tissue was coronal to the reference line and a positive value recorded when the tissue was
apical to the reference.
Patients were considered to have a thin biotype if the KG thickness was ≤1.5 mm. These
parameters were assessed at baseline (implant placement) and at 3, 6, 9, and 15 months.
The PI and GI were not significantly different between groups at baseline.
However, patients in the flapless group had significantly higher PI scores at 6
and 9 months, although this difference was no longer statistically significant at
Significant differences in GI were found at 3 and 9 months. The average GI and
PI were <1 for all time points and all groups, indicating that this population had
minimal inflammation and good plaque control throughout the study.
There were differences in the width of KG between the flap (4.7 – 1.9 mm) and
flapless (3.8 – 1.3 mm) groups at baseline, with the flap group having an
average of 0.86 mm wider KG than the flapless group. This difference was
statistically significant at baseline and 3 months.
Both groups had a decrease in the amount of KG from baseline, although the
flap group experienced a greater loss of KG over time, resulting in KG levels
that were not significantly different between the flap and flapless groups after
the 3-month time point.
Patients who received implant placement using a flap approach had an
initial decrease in PPI, whereas patients assigned to the flapless group
had a significant increase in PPI during the first 6 months.
PPI increased over time in both groups, although the flapless group
had a significantly larger increase at 6 and 9 months. This difference
was no longer significant at the 15-month time point.
In general, patients were satisfied with their treatment results, with an
overall average patient satisfaction level of 1.00 – 0.00 in the flap group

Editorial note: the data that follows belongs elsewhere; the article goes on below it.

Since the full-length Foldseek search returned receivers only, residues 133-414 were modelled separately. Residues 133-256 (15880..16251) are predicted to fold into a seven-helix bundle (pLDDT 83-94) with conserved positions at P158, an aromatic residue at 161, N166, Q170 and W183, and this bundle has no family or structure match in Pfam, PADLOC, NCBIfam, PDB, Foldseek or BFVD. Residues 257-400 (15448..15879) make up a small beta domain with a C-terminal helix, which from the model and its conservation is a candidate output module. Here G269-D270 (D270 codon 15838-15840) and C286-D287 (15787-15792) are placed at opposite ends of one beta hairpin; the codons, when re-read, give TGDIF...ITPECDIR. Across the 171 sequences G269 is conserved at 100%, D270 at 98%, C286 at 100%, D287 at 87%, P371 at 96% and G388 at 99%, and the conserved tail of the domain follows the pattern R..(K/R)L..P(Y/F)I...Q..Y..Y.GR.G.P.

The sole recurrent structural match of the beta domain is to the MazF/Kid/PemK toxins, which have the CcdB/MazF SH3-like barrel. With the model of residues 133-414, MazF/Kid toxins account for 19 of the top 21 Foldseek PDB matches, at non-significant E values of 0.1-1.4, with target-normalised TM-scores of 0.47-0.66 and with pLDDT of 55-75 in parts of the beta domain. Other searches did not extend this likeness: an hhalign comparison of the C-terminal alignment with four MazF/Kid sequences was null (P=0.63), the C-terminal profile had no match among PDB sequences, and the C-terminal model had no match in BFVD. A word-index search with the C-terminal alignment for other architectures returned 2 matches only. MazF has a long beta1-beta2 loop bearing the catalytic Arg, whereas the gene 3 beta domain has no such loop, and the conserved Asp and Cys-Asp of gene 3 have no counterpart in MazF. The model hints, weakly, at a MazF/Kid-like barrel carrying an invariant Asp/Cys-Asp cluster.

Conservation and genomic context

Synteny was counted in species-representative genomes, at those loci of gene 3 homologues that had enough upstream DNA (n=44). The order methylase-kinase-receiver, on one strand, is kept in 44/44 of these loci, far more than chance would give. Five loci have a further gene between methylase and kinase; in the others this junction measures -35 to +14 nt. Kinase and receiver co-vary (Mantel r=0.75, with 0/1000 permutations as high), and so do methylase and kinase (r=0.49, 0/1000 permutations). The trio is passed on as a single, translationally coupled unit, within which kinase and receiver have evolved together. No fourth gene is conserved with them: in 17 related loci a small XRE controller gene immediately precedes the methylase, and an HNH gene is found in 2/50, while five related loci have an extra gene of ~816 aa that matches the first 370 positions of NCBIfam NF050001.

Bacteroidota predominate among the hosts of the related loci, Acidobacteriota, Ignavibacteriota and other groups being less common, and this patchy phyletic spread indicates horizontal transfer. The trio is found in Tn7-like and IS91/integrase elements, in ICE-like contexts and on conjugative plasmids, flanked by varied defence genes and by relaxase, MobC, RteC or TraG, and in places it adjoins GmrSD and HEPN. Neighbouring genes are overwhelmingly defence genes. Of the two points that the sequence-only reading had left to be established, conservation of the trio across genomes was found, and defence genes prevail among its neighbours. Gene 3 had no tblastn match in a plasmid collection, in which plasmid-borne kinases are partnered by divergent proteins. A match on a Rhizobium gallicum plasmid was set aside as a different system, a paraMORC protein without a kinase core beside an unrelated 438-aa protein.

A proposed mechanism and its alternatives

and 1.09 – 0.30 in the flapless group, with 1 being the best possible
score and 4 being the worst.
One implant in each group failed, for an average success rate of
92%. Average implant success rates using the flapless protocol
range from 74.1% to 98.7% with up to a 10-year follow-up.
High success rates are noted in both the flap and flapless groups
in the present study, suggesting that both protocols are
acceptable techniques for implant placement.
While both groups reported satisfaction with the treatment
outcome, several other studies have reported that the flapless
approach may confer advantages such as reduced treatment
time, less bleeding, and minimal discomfort.
The minimum bone loss observed in the current study may be attributed to the
specific implant design used (micro-threaded, platform-switching with a
However, it is important to note that the implants in the flapless group were
placed an average of 0.85 mm subcrestally at baseline, which may account for
Still, it is notable that this protocol allowed the bone levels to remain above the
implant platform in some cases. In contrast, implants placed using the flap
protocol lost an average of 0.6 mm of crestal bone at 1 year.
At the time of placement, these implants were at the level of the crestal bone. It
is unknown what the long-term consequences of subcrestal implant placement
of the flapless group are on bone levels and esthetics, although this study
suggests that in the short term, subcrestal placement of the implant keeps
bone levels and esthetic parameters stable.
Limitations of this study include a small sample size and subcrestal
placement of the implants in the flapless group.
Within the confines of the study, it can be concluded that both flapless
and flap implant placement protocols result in high success rates,
although a flapless protocol may provide a better short-term esthetic
Nonetheless, larger studies are needed to confirm these results.